Chullin 5 - 11
After he had pronounced a drought upon the idol worshipping King Ahab of Israel, the Prophet Eliyahu was directed by Hashem to seek refuge in a remote location where food would miraculously be brought to him by ravens. The ravens did indeed bring him bread and meat each morning and evening.
But where did they bring the meat from and how did the prophet know it was kosher?
The meat, says the Talmud, was from the kitchens of Ahab. But Ahab was a committed idol worshipper, so how could meat from an animal slaughtered by him or one of his idol worshipping servants be considered kosher?
This is proposed as a support for the opinion expressed by Rabbi Anan in the name of the Sage Shmuel that the slaughtering done by a Jew who worships idols is kosher. But the Talmud rejects this proof because the meat may indeed not have been kosher, but was explicitly permitted in this extraordinary situation by Hashem when He informed the prophet that the ravens would feed him.
Tosefos raises an interesting problem. In the Talmud's initial assumption that the meal of an animal slaughtered by an idolater is indeed kosher there is still a problem as to how the prophet could eat meat which had disappeared from sight since there is a rabbinic injunction against eating such meat for fear that the birds may have switched it with non-kosher meat from non-Jews. Tosefos' resolution is that Eliyahu relied upon the Divine promise to feed him meat that this meat would not come from non-Jews, but the Talmud initially hesitated to suggest that this promise also included a dispensation regarding the meat of an animal slaughtered by an idolater.
The distinction made by Tosefos is thus explained by Rabbi Tzvi Hirsh Chayos: When the Torah wrote that "The Torah is not in heaven" it ruled that prophecy could not interfere in the halachic process delegated to human intellect. But a prophet may, through prophecy, clarify the facts of a case. The Talmud therefore assumed that Eliyahu relied on his prophecy to ascertain that the meat indeed came from a Jewish kitchen, but not to abrogate the halacha prohibiting idolater-slaughtered meat until the conclusion was reached that even the halacha was abrogated temporarily by Divine command.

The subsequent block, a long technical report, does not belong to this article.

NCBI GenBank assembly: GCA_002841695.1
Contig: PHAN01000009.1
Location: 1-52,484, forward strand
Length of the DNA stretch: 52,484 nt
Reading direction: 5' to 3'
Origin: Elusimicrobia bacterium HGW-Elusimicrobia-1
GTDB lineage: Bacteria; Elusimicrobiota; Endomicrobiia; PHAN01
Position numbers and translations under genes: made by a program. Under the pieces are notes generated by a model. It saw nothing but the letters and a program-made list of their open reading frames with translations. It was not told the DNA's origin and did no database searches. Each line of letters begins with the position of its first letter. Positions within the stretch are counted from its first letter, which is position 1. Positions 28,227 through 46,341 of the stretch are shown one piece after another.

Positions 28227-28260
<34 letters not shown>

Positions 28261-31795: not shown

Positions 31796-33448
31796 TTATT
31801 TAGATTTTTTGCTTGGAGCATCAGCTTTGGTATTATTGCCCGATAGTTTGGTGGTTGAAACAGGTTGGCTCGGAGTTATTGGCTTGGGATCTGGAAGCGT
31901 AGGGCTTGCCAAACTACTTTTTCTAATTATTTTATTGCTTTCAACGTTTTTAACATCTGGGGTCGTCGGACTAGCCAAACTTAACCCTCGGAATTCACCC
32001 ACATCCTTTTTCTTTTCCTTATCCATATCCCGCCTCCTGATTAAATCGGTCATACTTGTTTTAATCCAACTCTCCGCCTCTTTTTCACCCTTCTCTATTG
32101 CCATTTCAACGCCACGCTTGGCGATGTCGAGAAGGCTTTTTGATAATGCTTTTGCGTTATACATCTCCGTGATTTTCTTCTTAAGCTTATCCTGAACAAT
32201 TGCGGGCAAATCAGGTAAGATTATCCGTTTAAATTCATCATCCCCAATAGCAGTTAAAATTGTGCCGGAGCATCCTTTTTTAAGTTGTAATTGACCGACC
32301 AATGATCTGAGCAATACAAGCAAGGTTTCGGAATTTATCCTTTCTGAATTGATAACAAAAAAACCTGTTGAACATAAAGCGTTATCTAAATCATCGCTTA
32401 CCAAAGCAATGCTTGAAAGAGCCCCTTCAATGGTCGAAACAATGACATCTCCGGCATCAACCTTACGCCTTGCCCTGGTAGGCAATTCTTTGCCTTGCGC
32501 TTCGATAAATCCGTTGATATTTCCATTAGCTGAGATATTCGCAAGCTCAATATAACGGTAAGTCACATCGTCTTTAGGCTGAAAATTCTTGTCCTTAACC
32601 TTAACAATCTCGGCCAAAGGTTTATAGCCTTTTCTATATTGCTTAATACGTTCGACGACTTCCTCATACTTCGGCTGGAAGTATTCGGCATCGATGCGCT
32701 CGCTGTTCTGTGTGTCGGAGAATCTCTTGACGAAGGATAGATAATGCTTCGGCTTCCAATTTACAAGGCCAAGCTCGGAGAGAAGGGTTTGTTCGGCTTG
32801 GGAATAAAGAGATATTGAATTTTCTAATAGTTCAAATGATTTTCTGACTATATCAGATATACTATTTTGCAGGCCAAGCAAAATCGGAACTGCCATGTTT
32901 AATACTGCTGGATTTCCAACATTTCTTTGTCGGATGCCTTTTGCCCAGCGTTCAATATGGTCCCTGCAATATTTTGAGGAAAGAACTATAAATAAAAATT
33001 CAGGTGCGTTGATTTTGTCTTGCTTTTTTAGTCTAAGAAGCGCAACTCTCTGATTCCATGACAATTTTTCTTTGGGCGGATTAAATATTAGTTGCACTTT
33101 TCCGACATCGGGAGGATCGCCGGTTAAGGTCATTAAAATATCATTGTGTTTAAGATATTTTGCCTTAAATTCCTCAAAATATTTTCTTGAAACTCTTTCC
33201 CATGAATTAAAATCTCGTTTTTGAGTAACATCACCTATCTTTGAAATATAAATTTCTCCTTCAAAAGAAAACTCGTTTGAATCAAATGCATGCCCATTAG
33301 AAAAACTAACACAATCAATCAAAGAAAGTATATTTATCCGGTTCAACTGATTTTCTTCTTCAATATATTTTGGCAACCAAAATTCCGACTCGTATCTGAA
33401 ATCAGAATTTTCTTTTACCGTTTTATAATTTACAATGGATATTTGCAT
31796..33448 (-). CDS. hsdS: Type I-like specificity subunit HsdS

- Chullin 5a
On his way to perform the great mitzvah of ransoming captives Rabbi Pinchas ben Yair found his journey blocked by the impassable Ginai River.
"Part your waters Ginai," requested the sage, "so that I may pass."
"You are going forward to do the will of your Master," replied the reluctant river, "and I flow on to do the will of my Master. There is no guarantee that you will succeed in your mission (since the captors may not consent to the ransoming - Rashi) while I will certainly succeed in mine (the Divine order for all rivers to flow to the sea - Rashi)."
Only after the sage threatened to dry up the river did it finally part its waters to allow him and his company to pass through.
The problem raised by this and other sections of the Talmud concerning speech by inanimate objects such as the river is resolved by Tosefos in two different approaches:
- It was the angel in charge of seas and rivers who engaged the sage in this dialogue. Maharsha expands this idea to explain the statement made by the grasses at the time of Creation (Chullin 60a). Every blade of grass, say our Sages, has an angel in charge of it who commands it to grow from the earth. It was these angels, he concludes, that did the talking just as the Ginai River's angel did here.
- No dialogue actually took place. The Talmud is describing Rabbi Pinchas' thought process as to why the river was initially reluctant to part its waters. While this approach may be somewhat difficult to apply to the statement of the grass, it provides a perfect explanation for the dialogue between Rabbi Eliezer ben Durdai and the mountains, heaven, earth, sun, moon and stars (Avodah Zarah 17a).
- Chullin 7a